August 2009

Yankees vs. Mariners: Lineups 8/13/2009

yankees.jpgYANKEES (71-43)

Jeter SS

Damon LF

Teixeira 1B

Matsui DH

Swisher RF

Cano 2B

Cabrera CF

Hairston, Jr. 3B

Molina C


Pitching: CC Sabathia (12-7, 3.76)

mariners.jpg

MARINERS (60-54)

Ichiro RF

Gutierrez CF

Jose Lopez 2B

Mike Sweeney DH

Branyan 1B

Johjima C

Hannahan 3B

Josh Wilson SS

Michael Saunders LF

Pitching: Ian Snell (0-0, 6.14)

Joba limit painful, but necessary

arod_250_081309.jpgBy Jon Lane
Life in the penthouse as winners of 20 out of 26 is good, especially when one of the perks is having the luxury of dealing with injuries without succumbing to desperation.

Four major players left for Seattle with barking body parts, Derek Jeter, Alex Rodriguez, Jorge Posada and Mariano Rivera. If the Yankees were close to falling off a cliff, you’d bet on all of them “manning up” and playing tonight, the first of a four-game set at Safeco Field that begins a seven-day excursion out west and a 10-day road trip that concludes next weekend in Boston.

The Yankees own a 5 game lead over the Red Sox, far from safe, but currently a luxury. X-rays on Jeter’s sore foot were negative, but considering the team had to immediately board a plane and fly across the country and further north, I’d be surprised if Jeter is in tonight’s lineup, and near shocked if Posada – he took a foul tip off his right hand and was beaten up chasing A.J. Burnett’s three wild pitches and many others in the dirt – will play. Remember yesterday he played after catching the night before.

Joe Girardi said A-Rod was already getting tonight off, but as luck had it, A-Rod was hit by a Shawn Camp pitch in a most minute spot, the part of his left elbow slightly unprotected by a huge pad.

Rivera’s status was unknown until after the game and anytime you learn about soreness in his pitching shoulder – the one that underwent a procedure to remove calcification from a joint – that’s frightening. Both player and manager insisted Rivera would be ready to go. Rivera, incidentally, did not leave with the team, but that was to attend a personal matter and unrelated to his heath.

These are the advantages of having a nice-sized lead in your division and a deep bench; you have the capability to manage nagging ailments correctly and be smart about resting your starting pitchers. This brings me to the latest obsessive-compulsive debate about Joba Chamberlain. First he belonged in the bullpen. Now he’s coddled and overprotected, which will adversely affect the rest of his career. Chamberlain is 8-2 with a 3.85 ERA and despite annoying inconsistency hasn’t lost a decision since June 18.

joba_250_081309.jpgThis isn’t complicated and it’s a not a big deal. This is the case of a 23-year-old ace in the making that in 2006 dealt with triceps tendinitis and was disabled late last season with rotator cuff tendinitis. It’s fair to debate that not being on a consistent schedule affects one’s rhythm – and Chamberlain is at the top of his game when working at a swift pace. I buy that, but don’t complain based on precedents. Tom Seaver and Bob Gibson are from a different era. Justin Verlander has averaged roughly 189 innings through three full seasons and 2009, but he has no history with injuries, but everybody is different. Just because Verlander and Felix Hernandez have gone unscathed doesn’t mean Chamberlain will survive the strain and stress of a way-too-soon heavy workload.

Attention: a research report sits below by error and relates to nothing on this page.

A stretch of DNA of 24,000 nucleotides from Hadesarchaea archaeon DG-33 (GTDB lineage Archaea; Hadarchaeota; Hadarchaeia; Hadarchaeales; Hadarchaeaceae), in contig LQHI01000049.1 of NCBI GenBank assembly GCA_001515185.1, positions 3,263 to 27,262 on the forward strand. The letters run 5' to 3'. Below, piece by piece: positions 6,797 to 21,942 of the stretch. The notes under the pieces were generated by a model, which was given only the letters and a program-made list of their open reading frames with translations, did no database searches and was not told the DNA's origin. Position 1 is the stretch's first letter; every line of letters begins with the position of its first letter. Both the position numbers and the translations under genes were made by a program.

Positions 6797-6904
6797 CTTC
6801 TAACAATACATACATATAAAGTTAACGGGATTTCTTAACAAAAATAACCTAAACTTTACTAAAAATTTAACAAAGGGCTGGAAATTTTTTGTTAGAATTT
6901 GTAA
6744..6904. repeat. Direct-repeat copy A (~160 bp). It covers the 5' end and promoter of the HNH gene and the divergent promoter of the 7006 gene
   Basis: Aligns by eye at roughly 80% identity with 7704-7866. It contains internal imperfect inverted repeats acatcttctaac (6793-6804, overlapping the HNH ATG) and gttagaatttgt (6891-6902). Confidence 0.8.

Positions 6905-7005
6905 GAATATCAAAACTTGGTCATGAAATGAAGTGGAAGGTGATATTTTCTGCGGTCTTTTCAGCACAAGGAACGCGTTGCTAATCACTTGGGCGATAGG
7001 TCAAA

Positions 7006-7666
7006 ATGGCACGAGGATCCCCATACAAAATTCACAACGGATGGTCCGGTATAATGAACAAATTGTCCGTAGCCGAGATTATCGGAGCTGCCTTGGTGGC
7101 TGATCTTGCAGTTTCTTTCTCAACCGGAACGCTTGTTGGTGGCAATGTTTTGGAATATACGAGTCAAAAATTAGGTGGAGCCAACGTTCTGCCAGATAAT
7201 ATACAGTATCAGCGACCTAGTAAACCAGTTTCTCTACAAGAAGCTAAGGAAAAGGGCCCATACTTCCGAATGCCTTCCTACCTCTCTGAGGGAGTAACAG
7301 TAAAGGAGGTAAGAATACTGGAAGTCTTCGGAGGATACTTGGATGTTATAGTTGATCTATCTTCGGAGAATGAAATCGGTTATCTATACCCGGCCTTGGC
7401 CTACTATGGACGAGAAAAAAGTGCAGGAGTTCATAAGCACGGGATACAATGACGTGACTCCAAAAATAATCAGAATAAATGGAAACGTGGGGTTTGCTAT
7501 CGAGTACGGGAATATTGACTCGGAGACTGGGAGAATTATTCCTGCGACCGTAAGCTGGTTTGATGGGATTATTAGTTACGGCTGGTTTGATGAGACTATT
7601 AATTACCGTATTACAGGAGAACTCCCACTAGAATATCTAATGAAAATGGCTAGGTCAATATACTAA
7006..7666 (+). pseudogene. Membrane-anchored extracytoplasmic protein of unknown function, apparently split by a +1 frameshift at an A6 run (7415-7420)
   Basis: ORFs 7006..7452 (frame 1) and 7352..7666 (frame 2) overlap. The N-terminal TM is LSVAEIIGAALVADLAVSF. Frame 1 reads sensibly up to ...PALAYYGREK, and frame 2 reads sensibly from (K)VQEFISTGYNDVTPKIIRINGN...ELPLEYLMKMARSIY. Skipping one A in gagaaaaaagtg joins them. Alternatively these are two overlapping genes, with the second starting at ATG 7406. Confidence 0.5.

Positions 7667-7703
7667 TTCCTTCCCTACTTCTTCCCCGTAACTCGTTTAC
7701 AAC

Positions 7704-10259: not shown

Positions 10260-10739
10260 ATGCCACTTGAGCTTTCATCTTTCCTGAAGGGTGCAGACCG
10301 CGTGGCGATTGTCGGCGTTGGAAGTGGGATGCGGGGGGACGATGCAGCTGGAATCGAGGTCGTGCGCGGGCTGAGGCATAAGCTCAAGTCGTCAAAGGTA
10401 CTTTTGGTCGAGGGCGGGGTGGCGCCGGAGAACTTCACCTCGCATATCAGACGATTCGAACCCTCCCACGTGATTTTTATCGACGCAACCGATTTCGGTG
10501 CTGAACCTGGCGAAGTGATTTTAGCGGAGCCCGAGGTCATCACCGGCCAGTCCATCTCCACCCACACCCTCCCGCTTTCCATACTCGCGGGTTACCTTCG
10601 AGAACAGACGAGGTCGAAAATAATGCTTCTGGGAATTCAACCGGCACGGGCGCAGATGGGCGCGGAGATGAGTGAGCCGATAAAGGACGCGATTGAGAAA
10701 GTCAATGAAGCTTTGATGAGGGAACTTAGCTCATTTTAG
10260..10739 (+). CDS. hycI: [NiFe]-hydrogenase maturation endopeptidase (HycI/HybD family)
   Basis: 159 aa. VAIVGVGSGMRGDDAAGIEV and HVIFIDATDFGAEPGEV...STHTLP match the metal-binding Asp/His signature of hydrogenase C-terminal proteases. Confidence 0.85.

The Mariners, incidentally, were also careful with King Felix, deciding in 2006 to cap his innings to 205 (he threw 191). They did this by skipping his turns after falling out of contention and lifted the cap the following season. The Yankees aren’t out of contention, but the Red Sox are far from finished and division titles are won in September. News flash: The rivals collide in a three-game series September 25-27 at Yankee Stadium. Something tells me those meetings will decide who captures the AL East flag.

Giants ace Tim Lincecum was shut down in September 2007 after his innings count rose to 177 1/3 between the Minor and Major Leagues. The following season he was ordered not to throw bullpen sessions typical of an offseason routine. Manager Bruce Bochy told The San Francisco Chronicle they were being careful due to studies showing that pitchers who throw 200 innings early in their career were more susceptible to injuries.

Fausto Carmona finished fourth in 2007 AL Cy Young voting after going 19-8 with a 3.06 ERA and 215 innings pitched – and threw 15 more in the playoffs. The following season he plummeted to 8-7, 5.44 in 120.2 IP and this season the Indians demoted him to their Rookie League when he was 2-6 7.42, 41 walks and 36 strikeouts in 60 2/3 IP.

Chamberlain pitched 88 1/3 innings in the Minors before he was called up in August 2007. He entered this season with 124 1/3 Major League innings pitched and will match that total with eight more outs next Wednesday. Because this is New York and Chamberlain’s team is the Yankees – anything less than a World Championship is a failure – many are in an uproar. Girardi told reporters last night, “This is not just about the next two months. This is about years and years to come.”

If this is Kansas City or Pittsburgh, it’s a mere subplot. Here in the Big Apple, this is “ruining” Joba Chamberlain, just like taking him out of the bullpen is traumatizing him and Brian Cashman is paying for his decision to rebuild a program with non-contending seasons.

Girardi’s later statement is most telling: It’s “all hands on deck” for the postseason, when The Joba Rules I, II, III, IV, V and so on are tossed away like trash. A fresh Chamberlain gives the Yankees their best chance to win it all this year and in future years, when every April the “This team stinks” and “What have you done for me lately” tsunami of complaints arrive with the Yankees’ first three-game losing streak.

Blue Jays vs. Yankees: Lineups 8/12/2009